Category: General Author: Thomas Comments: Tags: Build Your Ownlabprototype

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Build your own Loochi: the plastic parts

Our goal is to provide a completely open-source smart lamp that anyone can build and tinker with. We hope it will be the basis of many exciting projects in the next few months.

We have covered the electronics in great details but when you are building a lamp, the actual object matters at least as much as what’s hidden inside! For many of us electronic or software geeks, actually building an object can seem quite scary and it would probably have been just a few years ago. However with recent progress in 3d printing, it has became incredibly easy!

loochi-lamp”)

In this post, we will look at the different components that compose Loochi, describe their roles and how to build the plastic parts.

Loochi’s components

Loochi is made of 6 different parts shown in the picture below.

loochi-d-exploded-view

From top to bottom:

  1. The shade diffuses the light emitted by the LED. It is the easiest part to customize: as long as its bottom diameter is around 10cm, you will be able to sit it on top of the lamp. For an even better assembly, the shade can lock in the top part of the base with a 90° twist.
  2. The shade mount: This part is where the shade locks. It is also the upper-half of the base. It includes a small prism which reflects some of the light towards the bottom of the base to make sure that the entire shade is illuminated.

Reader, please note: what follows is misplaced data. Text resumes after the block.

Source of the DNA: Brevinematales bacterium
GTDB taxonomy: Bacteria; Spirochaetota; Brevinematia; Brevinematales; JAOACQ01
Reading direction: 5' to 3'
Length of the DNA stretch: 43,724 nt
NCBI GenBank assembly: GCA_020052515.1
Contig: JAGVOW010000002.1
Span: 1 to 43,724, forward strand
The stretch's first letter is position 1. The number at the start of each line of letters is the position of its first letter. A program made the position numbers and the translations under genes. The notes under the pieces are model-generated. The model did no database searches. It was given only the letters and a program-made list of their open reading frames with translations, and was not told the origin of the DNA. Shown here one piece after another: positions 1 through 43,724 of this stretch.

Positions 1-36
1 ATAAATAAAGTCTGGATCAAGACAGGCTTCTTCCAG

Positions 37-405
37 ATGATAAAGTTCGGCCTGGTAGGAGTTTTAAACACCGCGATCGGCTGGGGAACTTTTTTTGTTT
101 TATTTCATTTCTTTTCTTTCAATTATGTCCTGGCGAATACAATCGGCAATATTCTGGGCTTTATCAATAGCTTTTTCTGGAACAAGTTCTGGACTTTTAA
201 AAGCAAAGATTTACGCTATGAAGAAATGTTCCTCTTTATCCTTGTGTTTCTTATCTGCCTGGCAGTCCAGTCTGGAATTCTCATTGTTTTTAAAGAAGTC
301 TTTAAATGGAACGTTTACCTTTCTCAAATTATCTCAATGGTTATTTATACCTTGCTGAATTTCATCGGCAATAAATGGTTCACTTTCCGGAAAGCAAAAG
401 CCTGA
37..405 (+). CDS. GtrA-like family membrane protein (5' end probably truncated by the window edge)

3. The printed circuit board which has been covered in previous posts.
  4. The bridge carries the PCB. It has a couple of vents for the hot air to flow out of the heatsink. This part also contains a button which actuates a little switch on the PCB. On the opposite side is a hole for the power supply input. The shade mount snaps onto the bridge with 4 clamps.
  5. The heatsink holds onto the PCB with double-sided thermal tape.
  6. The bottom closes the lamp. It snaps onto the bridge with three clamps. There is only one way to put it in correctly: a little ergo shows that.

In this video, Jürgen takes apart the different components (note: heatsink is missing and the base is not painted yet).

How to build your own

The three most complicated parts (excluding the PCB of course) are the shade-mound, the bridge and the base. We provide STL files for the three of them on our github so that you can easily 3D-print them. You can do it at home if you own a 3D printer. Be aware that the snaps are pretty small and you will need a good resolution to get them to work correctly.

You can also have them 3d printed by one of the online printing companies. We have tried i.materialize and Shapeways. If you do not want to upload the file yourself, you can even order the latest version from our Shapeways shop (we do not make any money on that right now but this might become a way to support the project in the future).

Depending on the type of 3d printing you use, you might want to polish and paint the base. We used some sand-paper and a silver spray-paint to get the finish look.

The shade

The shade can also be 3d printed. As of today, we only have one design in our github but many more are on the way. Just choose the one you like!

Conclusion

There is a huge difference between a electric board in your lab and a lamp on your desk. With 3d printing you can fill that gap very quickly.

We like to think that you will take the bits you need from this project: if you are a software person, get the plastic 3d printed and order the electronic: focus your efforts on the app; if you are a 3d-designer, have fun making your own shades!

But, please do let us know what you have done with it!

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